Letter Of The Week !

Wings w !

Letter of the week w

My son was on 4 flights in one week and each time we sat by the wings and each time had a discussion about flying, and all the different things that have wings and fly.  So today we decided to make a fast and easy letter of the week craft that built on his experience of talking about wings and all sorts of things that fly. If you don’t have feathers you could use aluminum foil and make metal airplane wings for your w. This is a fun texture filled letter of the week w craft !

  1. Gather your materials. You will need 2 pieces of construction paper, some markers, scissors, glue and feathers. Letter of the week w
  2. Start by writing a lowercase w with some wings.Letter of the week craft
  3. Have your child decorate the w – if we had made airplane wings you can draw a cockpit or decorate it with airplane stickers. My son is still into tracing the w but I don’t structure this step at all. Letter of the week w
  4. Add glue to the wings. Letter of the week w
  5. Add feathers. Letter of the week w
  6. Let dry.
  7. Cut out and glue to the 2nd piece of construction paper.Letter of the week w

Books With Wings!

Birds by Kevin Henkes , illustrated by Laura Dronzek is stunning. I love this author but this book is absolutely about the pictures. The cover is beautiful, but there are pages that I just wanted to look at the way I look at paintings at a museum. The book is perfect for toddlers and young preschooler, it’s nonfiction , simple and has a great flow. The colors are so vibrant I would bet that infants would dig it too! Awesome awesome awesome!

Monarch Butterfly by gail gibbons

Monarch Butterfly by Gail Gibbons is a small book filled with facts about these beautiful and amazing insects. What makes this book a great non fiction pick for your preschooler is that the pictures are so descriptive that even young toddlers can sit, look at the pictures and have you describe them without going into the text which is more appropriate for preschoolers. Preschoolers will love all the facts about these beautiful butterflies.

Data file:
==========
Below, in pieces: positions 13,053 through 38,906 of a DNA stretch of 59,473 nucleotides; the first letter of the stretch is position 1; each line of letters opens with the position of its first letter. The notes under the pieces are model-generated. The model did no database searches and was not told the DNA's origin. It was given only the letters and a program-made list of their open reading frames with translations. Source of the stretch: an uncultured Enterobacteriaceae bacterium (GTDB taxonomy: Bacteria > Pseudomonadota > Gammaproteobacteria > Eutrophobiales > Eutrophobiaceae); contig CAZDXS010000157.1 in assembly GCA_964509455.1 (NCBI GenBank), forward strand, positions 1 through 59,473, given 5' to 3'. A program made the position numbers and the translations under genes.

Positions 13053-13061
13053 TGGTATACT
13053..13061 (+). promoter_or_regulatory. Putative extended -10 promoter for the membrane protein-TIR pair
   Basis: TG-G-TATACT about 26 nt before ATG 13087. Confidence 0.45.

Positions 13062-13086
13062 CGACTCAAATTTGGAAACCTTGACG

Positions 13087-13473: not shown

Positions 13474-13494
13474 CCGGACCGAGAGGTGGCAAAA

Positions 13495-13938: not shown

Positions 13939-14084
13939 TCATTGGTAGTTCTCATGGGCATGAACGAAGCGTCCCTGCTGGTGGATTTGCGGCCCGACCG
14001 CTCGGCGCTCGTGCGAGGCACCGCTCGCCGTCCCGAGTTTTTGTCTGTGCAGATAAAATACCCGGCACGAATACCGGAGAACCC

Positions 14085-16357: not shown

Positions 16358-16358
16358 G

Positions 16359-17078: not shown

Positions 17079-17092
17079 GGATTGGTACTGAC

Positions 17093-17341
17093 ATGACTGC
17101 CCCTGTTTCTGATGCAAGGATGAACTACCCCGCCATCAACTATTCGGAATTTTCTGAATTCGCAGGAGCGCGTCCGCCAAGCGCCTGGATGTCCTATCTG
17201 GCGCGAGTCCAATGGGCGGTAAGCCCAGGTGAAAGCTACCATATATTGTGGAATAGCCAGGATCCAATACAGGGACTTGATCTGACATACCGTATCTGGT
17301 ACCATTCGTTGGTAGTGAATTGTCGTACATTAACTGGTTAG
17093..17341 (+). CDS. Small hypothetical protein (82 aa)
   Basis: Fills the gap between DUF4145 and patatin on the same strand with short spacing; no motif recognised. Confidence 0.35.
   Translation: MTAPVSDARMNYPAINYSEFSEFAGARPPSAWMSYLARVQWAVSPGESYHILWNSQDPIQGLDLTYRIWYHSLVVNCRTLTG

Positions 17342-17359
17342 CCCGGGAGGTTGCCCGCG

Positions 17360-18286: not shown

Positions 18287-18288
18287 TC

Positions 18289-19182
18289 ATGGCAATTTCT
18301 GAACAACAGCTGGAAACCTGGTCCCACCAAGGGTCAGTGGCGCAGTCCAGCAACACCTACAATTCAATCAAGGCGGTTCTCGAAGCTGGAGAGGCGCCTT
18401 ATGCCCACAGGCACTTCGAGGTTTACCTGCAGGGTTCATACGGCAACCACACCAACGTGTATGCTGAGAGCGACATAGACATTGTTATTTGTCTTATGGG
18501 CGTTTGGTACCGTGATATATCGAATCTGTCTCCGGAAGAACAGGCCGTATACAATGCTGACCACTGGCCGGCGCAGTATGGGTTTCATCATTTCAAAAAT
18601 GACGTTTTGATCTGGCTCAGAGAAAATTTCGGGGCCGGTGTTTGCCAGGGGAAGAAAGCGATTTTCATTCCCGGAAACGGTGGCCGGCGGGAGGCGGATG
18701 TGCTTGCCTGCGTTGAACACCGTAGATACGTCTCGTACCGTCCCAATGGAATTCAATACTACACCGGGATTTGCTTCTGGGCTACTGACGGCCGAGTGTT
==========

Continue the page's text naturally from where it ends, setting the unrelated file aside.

Angela’s Airplane by Robert Munsch captures children’s fantasies about flying planes and adds in a cautionary tale about what could happen if the fantasy became reality. Angela finds her way onto a plane and starts pushing buttons before she knows it she is in the air alone. The plane crashes, but she is ok and promises to never fly another plane. Do you think she keeps that promise? My son adores this book and while you may think that the crash would be scary for kids it’s not , the ridiculousness of a 5-year-old flying a plane makes the crash equally as fictional though effective in opening a dialogue about touching buttons you shouldn’t!

Looking for more Letter Of The Week Crafts? Check out my eBook !

Alphabet Crafts

My eBook !


Together with  Memetales.com I have written  Alphabet Crafts an eBook filled with  the best of our uppercase letter of the week crafts, and  5 exclusive ones you can only see inside! .The crafts are complied in one easy to read A-Z format . Like all my posts there are easy step by step instructions with plenty of pictures to help make learning simple.   The crafts are included with fun tips, suggested materials and a list of  No Time For Flash Cards approved alphabet books. You get a whole alphabet of learning for $8.00 !

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Letter Of The Week

House h Letter h Craft

This week’s letter of the week craft is fun but be prepared to use paper that matches your house. I had red paper all ready, my h was written out and I hear from across the table ” I want a white house, our house isn’t red mama it’s white!” he was right, our house is white so we started over, I took new materials pictures and we were all set.

  1. Gather your materials. You will need 3 colors of construction paper, some markers( crayons will be fine too!), glue, and scissors.Letter h lesson
  2. Start by writing a lowercase h on your paper. Letter of the week craft h
  3. Have your child decorate it anyway they want. My son is starting to show interest in writing and has been tracing the letters lately when we make these crafts then pronounces he’s ready for the next step. I just sit back and watch , loving how this came about so naturally. Letter of The Week lesson
  4. Ask how many windows they want and cut them out ( I added crossbars) , also cut o.ut a roof and the top of a chimney. Letter of The Week h
  5. Cut the h out and glue it on a contrasting sheet of paper. Letter of The Week h
  6. Time to add the glue for the house pieces! Letter h craft
  7. Add the roof. Letter of The Week h
  8. Add the windows and chimney topper.Letter of The Week h Letter of The Week h
  9. Let dry.


Building A House

Building a House by Byron Barton is a no frills look at how homes are built. The bright colors and concise wording is perfect for preschoolers. I love that there is writing on one page and illustrations on the other, makes it super easy to show children the pictures as well as for them to see you follow the text with your finger!

House For A Hermit Crab